Alaska Tribal Court Selected for Dependency Court Project

The Central Council Tlingit & Haida Indian Tribes of Alaska Child Dependency Court under the leadership of Judge Debra O’Gara been selected by the National Council of Juvenile and Family Court Judges (NCJFCJ) as one of six new courts to join their Implementation Sites Project, which helps to improve outcomes for abused and neglected children and their families.

Full press release available here alaska-implementation-pr-final-02232017.

From the release:

The NCJFCJ Implementation Sites Project, which is funded by the Office of Juvenile Justice and Delinquency Prevention, provides child abuse and neglect courts with training, technical assistance and support to guide program improvement, sustainability and performance. As part of their involvement in this project, Implementation Sites are expected to implement meaningful change, evaluate progress as well as share challenges and successes with other courts across the country.

“Tribal justice systems are growing and evolving to address to the needs and issues of tribal communities. It is vitally important that tribal courts continue to learn, benefit, and share information through the NCJFCJ’s Implementation Site Project,” said Nikki Borchardt Campbell, Executive Director of the National American Indian Judges Court Association.

The Central Council Tlingit & Haida Indian Tribes of Alaska Child Dependency Court, in Juneau, Alaska, began last year through an extensive partnership with the Tribal and Youth Services and the State of Alaska Office of Children Services. In the last decade, the Tribe’s court system has grown quickly beginning with child welfare including child support and paternity cases. Recently, the Tribal court has begun to hear domestic violence protection orders, custody, divorce, guardianship, and adoption cases. The Tribal court is also developing a juvenile wellness court, focused primarily on early intervention and prevention for youth whom are at risk of being involved in the criminal justice system.

“Being a part of the NCJFCJ’s Implementation Sites Project will not only help grow and expand our Tribal court in the child welfare area of services, but would greatly benefit our court’s needs for technical assistance, practical tools, and collaborative assessment,” said the Honorable Debra O’Gara, lead judge of the project.

“We look forward to collaborating with the NCJFCJ to strengthen the court’s infrastructure through data collection, forms and templates, staff training, and greater access to current research and trends in child and family needs to build up the infrastructure to handle the growing case load. I firmly believe that we have much to learn from the knowledge and experience of other judges and courts around the nation on how to best expand and improve the court’s outcomes for our children and families.”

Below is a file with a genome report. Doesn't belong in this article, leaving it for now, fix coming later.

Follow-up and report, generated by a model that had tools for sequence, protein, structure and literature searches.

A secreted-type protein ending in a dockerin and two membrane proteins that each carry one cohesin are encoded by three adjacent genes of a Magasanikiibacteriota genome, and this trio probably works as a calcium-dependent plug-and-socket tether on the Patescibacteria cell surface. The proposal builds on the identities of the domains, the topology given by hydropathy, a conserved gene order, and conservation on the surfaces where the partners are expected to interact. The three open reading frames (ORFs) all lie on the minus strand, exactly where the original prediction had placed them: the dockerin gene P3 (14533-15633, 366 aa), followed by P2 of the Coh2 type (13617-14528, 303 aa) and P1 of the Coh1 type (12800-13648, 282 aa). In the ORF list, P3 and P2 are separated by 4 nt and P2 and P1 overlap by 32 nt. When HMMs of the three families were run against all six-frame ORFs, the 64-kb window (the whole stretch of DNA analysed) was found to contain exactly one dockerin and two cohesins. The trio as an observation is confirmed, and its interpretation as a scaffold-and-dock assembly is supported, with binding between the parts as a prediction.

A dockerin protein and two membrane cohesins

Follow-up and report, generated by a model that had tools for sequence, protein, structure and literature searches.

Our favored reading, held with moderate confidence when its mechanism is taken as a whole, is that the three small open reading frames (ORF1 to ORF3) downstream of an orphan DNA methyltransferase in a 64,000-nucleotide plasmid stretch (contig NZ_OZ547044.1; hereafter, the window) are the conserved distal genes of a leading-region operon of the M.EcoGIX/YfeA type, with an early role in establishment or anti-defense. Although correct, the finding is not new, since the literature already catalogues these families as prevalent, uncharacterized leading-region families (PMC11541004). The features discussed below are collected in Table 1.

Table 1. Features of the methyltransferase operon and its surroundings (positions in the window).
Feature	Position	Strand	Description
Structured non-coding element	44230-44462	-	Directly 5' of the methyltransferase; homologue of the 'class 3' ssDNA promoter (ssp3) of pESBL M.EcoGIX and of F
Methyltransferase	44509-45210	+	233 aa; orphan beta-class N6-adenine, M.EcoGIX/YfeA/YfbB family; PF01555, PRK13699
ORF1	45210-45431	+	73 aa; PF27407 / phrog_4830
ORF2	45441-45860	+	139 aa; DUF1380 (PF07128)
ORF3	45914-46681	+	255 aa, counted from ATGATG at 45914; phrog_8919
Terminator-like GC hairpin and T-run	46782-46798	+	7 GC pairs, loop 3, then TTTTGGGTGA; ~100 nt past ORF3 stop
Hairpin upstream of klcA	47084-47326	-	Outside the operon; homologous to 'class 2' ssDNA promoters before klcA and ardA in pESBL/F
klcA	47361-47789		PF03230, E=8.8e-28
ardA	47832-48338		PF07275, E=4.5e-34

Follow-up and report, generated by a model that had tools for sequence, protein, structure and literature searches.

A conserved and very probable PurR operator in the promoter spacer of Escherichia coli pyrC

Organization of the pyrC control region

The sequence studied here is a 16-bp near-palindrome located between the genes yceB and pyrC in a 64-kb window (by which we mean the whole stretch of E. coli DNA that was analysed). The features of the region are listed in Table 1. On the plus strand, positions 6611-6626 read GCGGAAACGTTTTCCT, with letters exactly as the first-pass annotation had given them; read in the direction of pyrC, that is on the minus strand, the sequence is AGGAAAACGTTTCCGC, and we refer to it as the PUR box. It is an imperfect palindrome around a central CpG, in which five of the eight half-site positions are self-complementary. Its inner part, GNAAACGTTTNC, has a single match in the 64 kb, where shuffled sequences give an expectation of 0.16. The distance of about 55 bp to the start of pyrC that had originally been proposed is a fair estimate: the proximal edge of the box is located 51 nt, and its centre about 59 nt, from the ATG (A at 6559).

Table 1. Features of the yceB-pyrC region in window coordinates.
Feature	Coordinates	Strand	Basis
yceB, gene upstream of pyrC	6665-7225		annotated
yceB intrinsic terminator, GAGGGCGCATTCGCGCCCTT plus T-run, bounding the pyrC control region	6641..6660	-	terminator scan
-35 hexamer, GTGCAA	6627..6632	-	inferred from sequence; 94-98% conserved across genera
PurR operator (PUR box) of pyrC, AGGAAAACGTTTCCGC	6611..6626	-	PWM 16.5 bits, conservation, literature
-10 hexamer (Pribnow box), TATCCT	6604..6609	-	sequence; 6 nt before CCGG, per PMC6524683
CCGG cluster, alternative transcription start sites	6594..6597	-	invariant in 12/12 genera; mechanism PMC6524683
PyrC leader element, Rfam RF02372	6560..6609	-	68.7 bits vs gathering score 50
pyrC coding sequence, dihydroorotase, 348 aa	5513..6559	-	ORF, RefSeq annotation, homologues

The Judges’ Page Devotes Issue to the Topic of Tribal Issues in Dependency Court

The Judges’ Page, a newsletter published by the National CASA Association and the National Council of Juvenile and Family Court Judges, has just released the summer 2015 issue.  The entire issue is devoted to the theme Tribal Issues in Dependency Court.

The newsletter is available here.

From Judge Dean Lewis (ret):

The National Council of Juvenile and Family Court Judges (NCJFCJ) and the National CASA Association are partners in publishing The Judges’ Page. Both organizations are deeply committed to effective court advocacy for American Indian and Alaska Native children and families involved in dependency court proceedings. This issue of The Judges’ Page addresses the importance of compliance with the Indian Child Welfare Act of 1978 (ICWA) from the legal as well as the cultural perspective. The issue provides effective educational tools for ICWA implementation and offers examples of collaborations between state and tribal courts.

Readers should be aware that the Bureau of Indian Affairs (BIA) issued updated Guidelines for State Courts and Agencies in Indian Child Custody Proceeding effective February 25, 2015. The updated Guidelines are intended to promote compliance with ICWA’s stated goals and to provide best practices for ICWA compliance by state courts and child welfare agencies. In addition, on March 20, 2015, the Bureau of Indian Affairs proposed Regulations for State Courts and Agencies in Indian Child Custody Proceedings. Recently, Congress passed two bills to help protect Native American Children: The Native American Children’s Safety Act and the Alyce Spotted Bear and Walter Soboleff Commission on Native Children Act. The Executive branch and the Congress are to be commended for their efforts to clarify the original intent of the ICWA, and to promote the health, safety, and well-being of Native Children.